KUALA LUMPUR: According to Britannica, the word “calligraphy”, or the art of beautiful writing, may have come from the Greek for beauty (“kallos”) and “to write” (“graphein”). This is certainly apt, given the elegance inherent in calligraphy.
Then there’s typography, the art of arranging letters and text in a way that makes copy visually appealing. And from today until Nov 30, ArtVoice, a collective of emerging and mid-career artists, is bringing both worlds together in “The Truth Untold: an exhibition of Tamil Typography and Calligraphy”.
Held at its gallery in Sentul, Kuala Lumpur, the exhibition features works by 20 artists, in various forms such as paintings, photographs, ceramics, sculptures, and art installations. These were curated by Stephen Menon, the founder of ArtVoice.
“The exhibition underscores the significance of cultural heritage, presenting a groundbreaking showcase of Tamil typography and calligraphy. Notably, it is a collaborative effort, with contributors from diverse backgrounds, emphasising the inclusive power of art,” said Menon, 51.
Among them is abstract artist Sharini Yogi, whose installation will be titled “Identity”. She was still in the process of creating the artwork when met with FMT Lifestyle, but shared that it will be ready for the viewing public after Deepavali.
“My work, as with most of the works here, will show the importance of our heritage and how Tamilians should be rooted in their tradition, just like any other culture,” she said.
The 37-year-old, who is also the gallery manager, wishes for viewers to “explore the richness of the Tamil language” through her creation. “It is a very ancient language,” she added.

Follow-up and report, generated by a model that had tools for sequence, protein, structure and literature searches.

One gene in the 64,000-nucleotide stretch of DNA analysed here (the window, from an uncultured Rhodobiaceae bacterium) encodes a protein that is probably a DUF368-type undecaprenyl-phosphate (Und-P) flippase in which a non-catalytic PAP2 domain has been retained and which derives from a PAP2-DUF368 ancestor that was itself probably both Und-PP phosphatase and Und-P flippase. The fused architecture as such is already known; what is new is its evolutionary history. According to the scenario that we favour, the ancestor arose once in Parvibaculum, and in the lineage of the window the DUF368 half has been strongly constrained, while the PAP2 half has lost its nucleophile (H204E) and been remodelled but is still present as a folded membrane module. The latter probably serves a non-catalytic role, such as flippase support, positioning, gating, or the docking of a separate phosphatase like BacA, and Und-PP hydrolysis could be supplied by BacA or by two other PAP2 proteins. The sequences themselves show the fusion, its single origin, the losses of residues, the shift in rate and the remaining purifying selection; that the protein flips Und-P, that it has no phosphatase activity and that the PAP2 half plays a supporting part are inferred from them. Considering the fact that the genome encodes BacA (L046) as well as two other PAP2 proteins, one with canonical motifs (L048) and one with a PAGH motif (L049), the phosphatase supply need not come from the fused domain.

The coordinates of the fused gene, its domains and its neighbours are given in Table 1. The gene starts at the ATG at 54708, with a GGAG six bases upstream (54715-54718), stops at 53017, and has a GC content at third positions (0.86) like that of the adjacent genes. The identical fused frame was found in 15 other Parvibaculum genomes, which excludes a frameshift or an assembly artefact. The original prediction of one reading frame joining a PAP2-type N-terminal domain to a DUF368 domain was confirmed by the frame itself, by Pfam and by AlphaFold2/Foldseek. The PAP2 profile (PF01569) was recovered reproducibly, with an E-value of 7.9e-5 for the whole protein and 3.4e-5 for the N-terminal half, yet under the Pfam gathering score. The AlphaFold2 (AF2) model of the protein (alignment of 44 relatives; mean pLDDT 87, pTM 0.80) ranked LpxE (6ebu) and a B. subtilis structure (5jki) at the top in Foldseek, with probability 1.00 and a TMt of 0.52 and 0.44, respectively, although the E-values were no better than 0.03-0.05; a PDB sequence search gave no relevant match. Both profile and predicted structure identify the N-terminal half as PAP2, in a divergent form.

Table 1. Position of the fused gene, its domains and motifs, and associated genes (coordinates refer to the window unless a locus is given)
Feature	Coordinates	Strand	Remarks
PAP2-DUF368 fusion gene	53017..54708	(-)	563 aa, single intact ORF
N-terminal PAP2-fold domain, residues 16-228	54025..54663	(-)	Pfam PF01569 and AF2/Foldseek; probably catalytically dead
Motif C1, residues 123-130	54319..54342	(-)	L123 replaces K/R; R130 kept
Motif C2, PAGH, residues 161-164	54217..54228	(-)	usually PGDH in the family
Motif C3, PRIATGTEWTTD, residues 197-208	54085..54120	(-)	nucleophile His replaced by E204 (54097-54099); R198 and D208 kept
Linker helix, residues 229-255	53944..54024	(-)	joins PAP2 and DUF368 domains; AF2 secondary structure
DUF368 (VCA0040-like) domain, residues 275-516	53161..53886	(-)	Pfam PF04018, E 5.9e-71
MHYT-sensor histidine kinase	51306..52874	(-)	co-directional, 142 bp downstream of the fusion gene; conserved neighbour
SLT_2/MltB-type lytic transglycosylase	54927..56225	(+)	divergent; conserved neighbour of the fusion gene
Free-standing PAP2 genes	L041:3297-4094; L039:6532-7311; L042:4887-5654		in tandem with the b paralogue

Indeed, it is said that the earliest Tamil inscriptions date back to the fifth century BCE. Yet, Sharini believes one should take pride in the ability to read and write Tamil in this era. “It’s very important that we pass it down to the next generation.”
There is another unique aspect to this exhibition: among the 20 talents is a Malay and a Chinese artist, who are presenting their interpretations of Tamil typography and calligraphy.
“Being in a country with many races, such diversity, it’s important to include them. We are showing that we are all one,” Sharini noted.
To that end, sculpture artist Mat Ali Mat Som is showcasing “Damai”, an artwork made of metal and wood, inspired by the Tamil alphabet and the pronunciation of the letters. He also likes nature, which he has incorporated into the sculpture.
And while the 47-year-old is experienced in Arabic calligraphy, he told FMT Lifestyle that working with the Tamil language was new to him.
Still, he said “yes” to challenge himself to create outside of his comfort zone – and also because he finds this exhibition “very unique”.
“When you hear the words ‘Tamil calligraphy’, you might imagine it’s for Indians only. But we also have a Chinese and myself, a Malay; we’re showing our Malaysian unity. Even in the midst of political chaos, our multiracial uniqueness is strong,” he said.
Similarly, photographer Choy Khye Fatt decided to participate even though he is more accustomed to Chinese and Japanese calligraphy. He did his research and titled his work “Genesis”, or the beginning, as it involves the first of 247 letters in the Tamil alphabet.
Choy, too, believes it is important to preserve and shed further awareness on the beauty of Tamil typography and calligraphy. Echoing the sentiments of his fellow artists, the 70-year-old said: “Malaysia is such a rich nation with a multiracial composition. That is fundamental, the strength of Malaysia.
“We are rich with abundance,” he emphasised, “it’s just that sometimes, we tend to forget.”
‘The Truth Untold: an exhibition of Tamil Typography and Calligraphy’
28, Jalan Kovil Hilir, Sentul,
51100 Kuala Lumpur
- Today until Nov 30, 10am-6pm
- Closed on Mondays and tomorrow for Deepavali
Entry is free but prior booking is required. For appointments, kindly contact Stephen Menon at 016-932 2877.
Learn more about ArtVoice Gallery on Instagram.